3.5. If case control study, were potential confounding factors comparable for cases and controls? (If case series or trial with subjects serving as own control, this criterion is not applicable.) N/A
  3.6. If diagnostic test, was there an independent blind comparison with an appropriate reference standard (e.g., "gold standard")? N/A
4. Was method of handling withdrawals described? Yes
  4.1. Were follow-up methods described and the same for all groups? Yes
  4.2. Was the number, characteristics of withdrawals (i.e., dropouts, lost to follow up, attrition rate) and/or response rate (cross-sectional studies) described for each group? (Follow up goal for a strong study is 80%.) Yes
  4.3. Were all enrolled subjects/patients (in the original sample) accounted for? Yes
  4.4. Were reasons for withdrawals similar across groups? N/A
  4.5. If diagnostic test, was decision to perform reference test not dependent on results of test under study? N/A
5. Was blinding used to prevent introduction of bias? N/A
  5.1. In intervention study, were subjects, clinicians/practitioners, and investigators blinded to treatment group, as appropriate? N/A
  5.2. Were data collectors blinded for outcomes assessment? (If outcome is measured using an objective test, such as a lab value, this criterion is assumed to be met.) N/A
  5.3. In cohort study or cross-sectional study, were measurements of outcomes and risk factors blinded? N/A
  5.4. In case control study, was case definition explicit and case ascertainment not influenced by exposure status? N/A
  5.5. In diagnostic study, were test results blinded to patient history and other test results? N/A
6. Were intervention/therapeutic regimens/exposure factor or procedure and any comparison(s) described in detail? Were interveningfactors described? Yes
  6.1. In RCT or other intervention trial, were protocols described for all regimens studied? Yes
  6.2. In observational study, were interventions, study settings, and clinicians/provider described? N/A
  6.3. Was the intensity and duration of the intervention or exposure factor sufficient to produce a meaningful effect? Yes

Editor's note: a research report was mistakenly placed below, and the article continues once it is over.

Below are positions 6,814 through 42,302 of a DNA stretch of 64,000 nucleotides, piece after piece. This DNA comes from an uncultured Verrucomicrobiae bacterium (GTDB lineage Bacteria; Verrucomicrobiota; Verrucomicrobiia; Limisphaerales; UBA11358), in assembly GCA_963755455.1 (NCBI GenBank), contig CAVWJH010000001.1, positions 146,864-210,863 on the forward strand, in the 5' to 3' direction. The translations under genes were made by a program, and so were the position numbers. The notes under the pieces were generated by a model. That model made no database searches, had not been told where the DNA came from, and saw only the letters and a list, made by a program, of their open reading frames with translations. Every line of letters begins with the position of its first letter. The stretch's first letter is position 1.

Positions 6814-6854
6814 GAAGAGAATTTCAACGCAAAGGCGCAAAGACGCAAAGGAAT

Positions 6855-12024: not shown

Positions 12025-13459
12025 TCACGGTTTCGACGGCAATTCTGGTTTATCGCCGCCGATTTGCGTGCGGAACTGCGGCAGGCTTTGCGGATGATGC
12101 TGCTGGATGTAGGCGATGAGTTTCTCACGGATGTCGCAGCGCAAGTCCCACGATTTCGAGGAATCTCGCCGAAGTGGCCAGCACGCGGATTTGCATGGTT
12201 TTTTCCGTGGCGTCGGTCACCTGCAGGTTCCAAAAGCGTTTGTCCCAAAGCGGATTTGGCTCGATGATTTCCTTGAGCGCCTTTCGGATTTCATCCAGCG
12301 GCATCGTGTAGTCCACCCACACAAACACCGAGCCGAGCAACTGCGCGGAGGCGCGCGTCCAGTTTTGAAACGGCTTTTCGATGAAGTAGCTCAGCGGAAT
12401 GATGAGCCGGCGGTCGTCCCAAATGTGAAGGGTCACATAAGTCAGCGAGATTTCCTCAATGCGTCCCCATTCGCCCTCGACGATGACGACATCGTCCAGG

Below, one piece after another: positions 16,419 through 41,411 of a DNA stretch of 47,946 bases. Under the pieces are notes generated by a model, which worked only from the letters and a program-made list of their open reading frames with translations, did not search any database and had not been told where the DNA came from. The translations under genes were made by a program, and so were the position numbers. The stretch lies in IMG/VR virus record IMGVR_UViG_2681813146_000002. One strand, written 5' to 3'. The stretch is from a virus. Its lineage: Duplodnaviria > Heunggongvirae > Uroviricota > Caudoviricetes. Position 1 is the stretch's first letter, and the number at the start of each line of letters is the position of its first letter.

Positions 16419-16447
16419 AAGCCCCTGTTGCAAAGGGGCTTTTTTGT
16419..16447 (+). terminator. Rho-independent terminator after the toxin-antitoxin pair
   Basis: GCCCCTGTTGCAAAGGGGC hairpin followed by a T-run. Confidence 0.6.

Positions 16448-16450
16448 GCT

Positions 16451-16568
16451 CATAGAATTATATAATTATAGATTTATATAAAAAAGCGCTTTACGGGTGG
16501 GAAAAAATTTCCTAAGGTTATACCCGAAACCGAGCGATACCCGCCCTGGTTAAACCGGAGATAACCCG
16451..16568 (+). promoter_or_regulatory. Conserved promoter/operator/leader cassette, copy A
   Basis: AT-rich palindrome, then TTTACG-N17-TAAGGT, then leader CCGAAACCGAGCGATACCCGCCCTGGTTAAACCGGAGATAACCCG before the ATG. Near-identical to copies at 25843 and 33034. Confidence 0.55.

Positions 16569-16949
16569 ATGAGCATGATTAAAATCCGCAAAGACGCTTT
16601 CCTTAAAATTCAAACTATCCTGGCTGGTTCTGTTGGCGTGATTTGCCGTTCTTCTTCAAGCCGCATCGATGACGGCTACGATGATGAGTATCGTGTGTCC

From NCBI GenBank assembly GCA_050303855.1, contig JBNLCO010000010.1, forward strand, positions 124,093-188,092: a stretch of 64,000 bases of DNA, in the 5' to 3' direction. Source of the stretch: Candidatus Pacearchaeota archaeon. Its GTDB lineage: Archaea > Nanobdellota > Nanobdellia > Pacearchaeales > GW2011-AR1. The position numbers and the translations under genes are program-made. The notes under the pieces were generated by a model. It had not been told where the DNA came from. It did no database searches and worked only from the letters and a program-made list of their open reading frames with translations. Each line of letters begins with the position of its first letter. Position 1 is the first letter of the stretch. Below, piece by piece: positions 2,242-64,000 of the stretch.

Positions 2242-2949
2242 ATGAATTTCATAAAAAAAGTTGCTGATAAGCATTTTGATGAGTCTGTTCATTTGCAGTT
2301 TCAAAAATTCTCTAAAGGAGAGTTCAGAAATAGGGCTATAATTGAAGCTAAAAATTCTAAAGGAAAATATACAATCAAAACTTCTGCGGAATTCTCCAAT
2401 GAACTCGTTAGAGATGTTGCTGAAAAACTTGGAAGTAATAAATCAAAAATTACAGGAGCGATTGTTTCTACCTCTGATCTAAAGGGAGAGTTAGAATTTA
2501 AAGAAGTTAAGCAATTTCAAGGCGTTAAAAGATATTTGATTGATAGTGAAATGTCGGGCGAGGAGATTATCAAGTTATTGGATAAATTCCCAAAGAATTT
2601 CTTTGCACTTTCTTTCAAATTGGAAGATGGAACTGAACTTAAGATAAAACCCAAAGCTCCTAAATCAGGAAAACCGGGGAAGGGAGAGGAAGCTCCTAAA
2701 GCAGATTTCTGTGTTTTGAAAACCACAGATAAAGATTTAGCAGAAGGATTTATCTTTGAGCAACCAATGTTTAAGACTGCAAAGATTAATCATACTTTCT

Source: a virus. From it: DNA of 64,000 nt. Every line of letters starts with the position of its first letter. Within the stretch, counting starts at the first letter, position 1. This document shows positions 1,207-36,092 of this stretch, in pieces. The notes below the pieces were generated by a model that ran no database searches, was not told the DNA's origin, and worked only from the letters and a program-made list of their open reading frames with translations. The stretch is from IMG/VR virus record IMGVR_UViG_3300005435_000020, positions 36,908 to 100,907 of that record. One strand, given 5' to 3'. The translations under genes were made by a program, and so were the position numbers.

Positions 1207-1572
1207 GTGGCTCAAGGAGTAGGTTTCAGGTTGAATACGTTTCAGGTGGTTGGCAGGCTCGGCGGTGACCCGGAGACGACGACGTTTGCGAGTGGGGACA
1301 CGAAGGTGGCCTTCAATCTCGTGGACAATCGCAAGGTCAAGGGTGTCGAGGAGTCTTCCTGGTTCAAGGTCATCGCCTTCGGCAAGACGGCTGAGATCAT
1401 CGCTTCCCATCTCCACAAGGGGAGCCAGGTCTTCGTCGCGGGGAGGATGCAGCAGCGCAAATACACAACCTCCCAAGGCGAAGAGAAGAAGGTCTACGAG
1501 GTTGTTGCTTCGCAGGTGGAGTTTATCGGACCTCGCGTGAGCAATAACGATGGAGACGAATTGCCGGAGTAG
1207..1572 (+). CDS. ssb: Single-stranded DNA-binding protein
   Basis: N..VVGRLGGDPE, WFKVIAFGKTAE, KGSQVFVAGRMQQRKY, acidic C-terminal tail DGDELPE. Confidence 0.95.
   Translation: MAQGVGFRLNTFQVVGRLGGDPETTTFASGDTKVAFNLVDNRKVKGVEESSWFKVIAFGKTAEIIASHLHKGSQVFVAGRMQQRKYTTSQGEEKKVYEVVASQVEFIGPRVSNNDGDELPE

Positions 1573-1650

6.4. Was the amount of exposure and, if relevant, subject/patient compliance measured? Yes
  6.5. Were co-interventions (e.g., ancillary treatments, other therapies) described? Yes
  6.6. Were extra or unplanned treatments described? No
  6.7. Was the information for 6.4, 6.5, and 6.6 assessed the same way for all groups? Yes
  6.8. In diagnostic study, were details of test administration and replication sufficient? N/A
7. Were outcomes clearly defined and the measurements valid and reliable? N/A
  7.1. Were primary and secondary endpoints described and relevant to the question? Yes
  7.2. Were nutrition measures appropriate to question and outcomes of concern? Yes
  7.3. Was the period of follow-up long enough for important outcome(s) to occur? Yes
  7.4. Were the observations and measurements based on standard, valid, and reliable data collection instruments/tests/procedures? Yes
  7.5. Was the measurement of effect at an appropriate level of precision? Yes
  7.6. Were other factors accounted for (measured) that could affect outcomes? No
  7.7. Were the measurements conducted consistently across groups? N/A
8. Was the statistical analysis appropriate for the study design and type of outcome indicators? Yes
  8.1. Were statistical analyses adequately described and the results reported appropriately? Yes
  8.2. Were correct statistical tests used and assumptions of test not violated? Yes
  8.3. Were statistics reported with levels of significance and/or confidence intervals? Yes
  8.4. Was "intent to treat" analysis of outcomes done (and as appropriate, was there an analysis of outcomes for those maximally exposed or a dose-response analysis)? N/A
  8.5. Were adequate adjustments made for effects of confounding factors that might have affected the outcomes (e.g., multivariate analyses)? No
  8.6. Was clinical significance as well as statistical significance reported? No
  8.7. If negative findings, was a power calculation reported to address type 2 error? N/A
9. Are conclusions supported by results with biases and limitations taken into consideration? Yes
  9.1. Is there a discussion of findings? Yes
  9.2. Are biases and study limitations identified and discussed? Yes
10. Is bias due to study's funding or sponsorship unlikely? Yes
  10.1. Were sources of funding and investigators' affiliations described? Yes
  10.2. Was the study free from apparent conflict of interest? Yes